“I am stories”, accidental mixed media yumminess, by Magaly Guerrero

Can you feel the magic in all of this? The power of believing in a dream? Or of giving to a friend something you love because you feel she needs it more? Or of giving fangs to daisies and a sheep because your friend’s little brother just died, and you want her to smile? Or of presenting a friend with a painted, fierce-faced, wild-haired, non-bra-wearing warrior who reminds you of her (and of you)? Or can you feel the magic that is born when a moment of sadness, anger and frustration is turned on its ugly head until the energy that feeds it becomes something positive you can use to feed yourself, a story you are happy to tell?

If you’ve felt any of the above, my Wicked Luvs, then you have felt magic—the kind of magic I believe in. Real magic feeds flesh and soul. It allows the body to move when pain says stop. It brews fierce smiles and tears. It reminds us we are not alone. It comes loaded with strong emotions, with friends, and other wonders. My real magic tells stories… Can you feel it?

Be One with the Hammer

The little bastard burst through the kitchen window, ax in hand, before evening tea. Shattered glass clinked against the sink, stovetop, and a hissing teakettle.

“Everything okay, Carlo?” my sister called from the den, where she had been discussing hammer meditation techniques with one of her friends and our next-door neighbor.

Before I could answer, the garden gnome pressed the blade of his ax to the side of my left knee. He grinned… with too many teeth… inches from my crotch… “Speak,” he said, “and my ax will kiss you lame.”

My lack of response must’ve worried my sister because she walked into the kitchen, followed by the other women.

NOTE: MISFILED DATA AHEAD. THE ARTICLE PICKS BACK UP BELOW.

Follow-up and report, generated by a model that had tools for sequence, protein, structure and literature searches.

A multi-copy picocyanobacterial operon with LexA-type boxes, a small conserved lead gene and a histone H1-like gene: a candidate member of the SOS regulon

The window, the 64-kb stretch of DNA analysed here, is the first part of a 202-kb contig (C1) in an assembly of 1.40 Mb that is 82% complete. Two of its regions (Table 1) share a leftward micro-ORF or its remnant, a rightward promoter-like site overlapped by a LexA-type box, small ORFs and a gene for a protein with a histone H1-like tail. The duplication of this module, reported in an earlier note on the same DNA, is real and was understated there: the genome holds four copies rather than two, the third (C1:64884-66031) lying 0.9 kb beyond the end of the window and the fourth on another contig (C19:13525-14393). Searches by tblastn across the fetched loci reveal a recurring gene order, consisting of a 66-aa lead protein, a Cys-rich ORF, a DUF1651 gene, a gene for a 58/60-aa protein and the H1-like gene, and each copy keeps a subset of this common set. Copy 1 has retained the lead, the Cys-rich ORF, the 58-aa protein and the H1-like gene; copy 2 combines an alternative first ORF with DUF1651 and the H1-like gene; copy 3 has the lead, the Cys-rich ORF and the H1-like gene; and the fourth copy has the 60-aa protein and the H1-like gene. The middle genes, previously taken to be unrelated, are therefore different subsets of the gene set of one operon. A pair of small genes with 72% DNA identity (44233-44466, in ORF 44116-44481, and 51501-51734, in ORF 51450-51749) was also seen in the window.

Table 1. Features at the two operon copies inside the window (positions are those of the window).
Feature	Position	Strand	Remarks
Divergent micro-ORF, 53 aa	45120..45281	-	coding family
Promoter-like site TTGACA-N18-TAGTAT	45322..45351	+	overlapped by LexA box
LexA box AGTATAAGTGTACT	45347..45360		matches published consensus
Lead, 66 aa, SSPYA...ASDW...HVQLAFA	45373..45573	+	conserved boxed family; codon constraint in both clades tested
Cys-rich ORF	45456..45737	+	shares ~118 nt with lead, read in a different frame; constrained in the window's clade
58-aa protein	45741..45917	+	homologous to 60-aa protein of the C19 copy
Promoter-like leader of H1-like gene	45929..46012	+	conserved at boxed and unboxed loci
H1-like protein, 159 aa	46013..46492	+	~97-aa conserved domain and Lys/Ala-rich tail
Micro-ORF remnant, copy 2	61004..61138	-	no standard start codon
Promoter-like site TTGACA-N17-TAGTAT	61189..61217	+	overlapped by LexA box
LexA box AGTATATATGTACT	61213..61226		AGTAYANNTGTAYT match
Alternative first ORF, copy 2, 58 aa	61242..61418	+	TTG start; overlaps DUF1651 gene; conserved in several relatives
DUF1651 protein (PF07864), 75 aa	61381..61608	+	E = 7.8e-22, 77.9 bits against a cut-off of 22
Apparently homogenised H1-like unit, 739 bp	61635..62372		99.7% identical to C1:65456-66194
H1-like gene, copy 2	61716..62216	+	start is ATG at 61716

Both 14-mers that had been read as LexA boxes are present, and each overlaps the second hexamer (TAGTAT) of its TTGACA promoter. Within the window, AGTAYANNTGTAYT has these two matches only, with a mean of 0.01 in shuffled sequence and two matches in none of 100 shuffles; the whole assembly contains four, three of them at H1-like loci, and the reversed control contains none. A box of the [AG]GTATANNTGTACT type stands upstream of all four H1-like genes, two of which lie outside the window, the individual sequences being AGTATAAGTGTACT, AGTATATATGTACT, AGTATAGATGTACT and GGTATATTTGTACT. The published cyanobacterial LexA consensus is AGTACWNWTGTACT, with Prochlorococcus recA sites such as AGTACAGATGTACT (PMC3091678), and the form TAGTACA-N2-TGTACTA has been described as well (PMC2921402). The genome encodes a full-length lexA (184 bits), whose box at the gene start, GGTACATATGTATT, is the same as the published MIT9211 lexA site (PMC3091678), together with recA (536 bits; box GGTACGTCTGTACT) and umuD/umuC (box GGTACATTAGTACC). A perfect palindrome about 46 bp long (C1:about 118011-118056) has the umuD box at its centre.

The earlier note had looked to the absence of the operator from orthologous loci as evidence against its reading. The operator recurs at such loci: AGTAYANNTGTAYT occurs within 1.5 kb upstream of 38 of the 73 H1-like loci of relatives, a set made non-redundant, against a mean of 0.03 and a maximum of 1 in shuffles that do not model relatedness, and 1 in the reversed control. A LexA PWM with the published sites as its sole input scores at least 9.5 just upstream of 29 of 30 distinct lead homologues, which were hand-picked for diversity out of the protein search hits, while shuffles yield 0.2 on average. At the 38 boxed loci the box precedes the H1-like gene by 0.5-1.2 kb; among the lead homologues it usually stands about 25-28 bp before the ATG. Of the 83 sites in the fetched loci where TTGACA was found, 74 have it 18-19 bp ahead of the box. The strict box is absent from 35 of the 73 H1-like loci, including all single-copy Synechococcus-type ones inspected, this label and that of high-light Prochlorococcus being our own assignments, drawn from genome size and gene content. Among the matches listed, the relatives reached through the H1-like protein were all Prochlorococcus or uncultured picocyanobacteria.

“Isn’t he cute?” our neighbor said, extending a hand towards her gnome.

Unlike most readers of crappy horror might expect, everything didn’t happen too fast.

My sister’s voice sounded as if it was being filtered through marmalade, when she yelled, “Look at his teeth, you old batty.”

The old batty continued moving towards the gnome, disregarding the jagged teeth cramming his crimson mouth.

My sister and her friend reached for our neighbor, but before they could tackle her, the gnome had rushed forward and chopped her arm at the elbow.

I smacked the gnome on the side of the head with the teakettle. The hot water ruined the red of his cap, but did little for his bloodthirstiness.

The gnome turned to face me. I stepped back, bumped into the sink. He smiled. My hands were torn between protecting my most vital organ and grabbing a rolling pin.

My sister’s friend solved my dilemma—she pulled a sledgehammer out of who knows where, and smashed the gnome to bits, while chanting, “Be one with the hammer.”

Our neighbor lost one arm, but not her love for gnomes. “They’re cute little devils,” she said, when I suggested hammers and teakettles as alternative garden decorations.

a wee note…
– Linked to the Imaginary Garden with Real Toads ~ Title-Tale (Poetry and Flash Fiction with Magaly): I invited a bunch of Garden dwellers (yes, you and me too) to write a new 3-stanza poem or a very short story (of 313 words or fewer) inspired by 1 of 13 slightly strange book titles. I chose How to Survive a Garden Gnome Attack: Defend Yourself When the Lawn Warriors Strike (and They Will), by Chuck Sambuchino.